Chewing, play, exercise, exploration, feeding, social contact and elimination are basic requirements of all puppies. By providing appropriate outlets for each of these needs, few problems are likely to emerge. Puppies should be given chew toys that interest them and occupy their time. When supervised, the owner can allow the puppy to investigate and explore their new environment and can direct the puppy to the appropriate chew toys (and away from inappropriate areas).
Play, exercise, affection, training, and handling must all be part of the daily routine. New tasks, new routines, new people and new forms of handling can be associated with rewards to ensure success. And, of course, the puppy will need to be provided with an acceptable area for elimination, and will need guidance until he/she learns to use this area.
Find out more about how to care for your puppy.
All it requires are a few basic rules to house-train puppies within a few days. This does not mean that the puppy will be able to be trusted to wander throughout the home without eliminating. What the puppy should quickly learn is where he/she should eliminate, and the consequences of eliminating indoors when the owner is supervising
Puppies that are not supervised and rewarded for outdoor elimination, but are constantly being disciplined and punished for indoor elimination, may soon begin to fear to eliminate in all locations in your presence. These puppies do not associate the punishment with indoor elimination; they associate the punishment with the presence of the owners.
There is no point in punishing or even pointing out the problem to the puppy. Only if the puppy is in the act of elimination will he/she understands the consequences (rewards or punishment). In fact, it is not the puppy who has erred, it is the owner who has erred by not properly supervising.
By regularly taking the dog outdoors, through the same door, to the same site, and providing rewards for proper elimination, the puppy should soon learn to head for the door each time he/she has to eliminate. If you recognise the signs of impending elimination and praise the puppy whenever he/she heads for the doorway, the behaviour can be further encouraged.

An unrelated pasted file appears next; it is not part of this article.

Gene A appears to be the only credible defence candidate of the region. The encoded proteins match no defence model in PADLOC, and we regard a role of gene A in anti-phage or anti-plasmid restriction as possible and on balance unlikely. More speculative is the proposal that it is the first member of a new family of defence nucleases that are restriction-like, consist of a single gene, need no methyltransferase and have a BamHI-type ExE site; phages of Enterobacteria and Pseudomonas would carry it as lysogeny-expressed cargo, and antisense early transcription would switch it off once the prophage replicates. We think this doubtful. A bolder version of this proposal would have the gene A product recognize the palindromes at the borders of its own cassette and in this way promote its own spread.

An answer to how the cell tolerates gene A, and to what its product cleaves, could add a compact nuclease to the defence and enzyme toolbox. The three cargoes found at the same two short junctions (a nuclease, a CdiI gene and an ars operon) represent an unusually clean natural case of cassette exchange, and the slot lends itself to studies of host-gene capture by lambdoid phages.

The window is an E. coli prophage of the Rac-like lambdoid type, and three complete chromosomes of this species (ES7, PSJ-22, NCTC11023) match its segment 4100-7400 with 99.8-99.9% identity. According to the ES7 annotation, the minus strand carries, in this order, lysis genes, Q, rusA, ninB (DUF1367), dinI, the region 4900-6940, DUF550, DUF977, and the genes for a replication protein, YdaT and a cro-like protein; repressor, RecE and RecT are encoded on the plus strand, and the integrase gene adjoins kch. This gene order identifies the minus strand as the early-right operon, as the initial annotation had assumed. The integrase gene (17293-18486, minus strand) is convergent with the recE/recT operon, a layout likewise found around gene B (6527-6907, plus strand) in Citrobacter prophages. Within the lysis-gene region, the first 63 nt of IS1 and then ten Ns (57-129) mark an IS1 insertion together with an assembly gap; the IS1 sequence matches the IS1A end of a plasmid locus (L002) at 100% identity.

Puppies that have been interrupted or reprimanded on one or more occasions as they begin to eliminate indoors, may begin to try to sneak away, whine or show some form of anxiety, when they feel the urge to eliminate, but cannot escape from the owner's sight. If you can pick up on these cues, and take the puppy directly to the outdoors for elimination and reward, the puppy may consistently begin to show these signals when he or she needs to eliminate, and may even begin to take you to the exit door.
Generally you will want your dog to have been error free around the house for about a month before you can begin to decrease your confinement and supervision. The first time you leave the puppy unsupervised should be just after taking the dog outdoors for elimination. Gradually increase the length of time that your dog is allowed to roam through the home without supervision. If the dog has been able to go unsupervised for a couple of hours without an "accident", it might then be possible to begin going out for short periods of time. Of course, if the dog still investigates and chews, then confinement and supervision may still be necessary.
All puppies need to learn what is good behaviour and our Puppy Preschool is able to provide you and your puppy all the guidance you need to gain important socialisation skills
All puppies need to learn the basics of socialisation and how to be a good dog and our Puppy Preschool is the perfect start for both you and your puppy to give them the opportunity to grow into a confident and well-behaved dog. Find out if one of our vet clinics near you is offering the program and ask for details.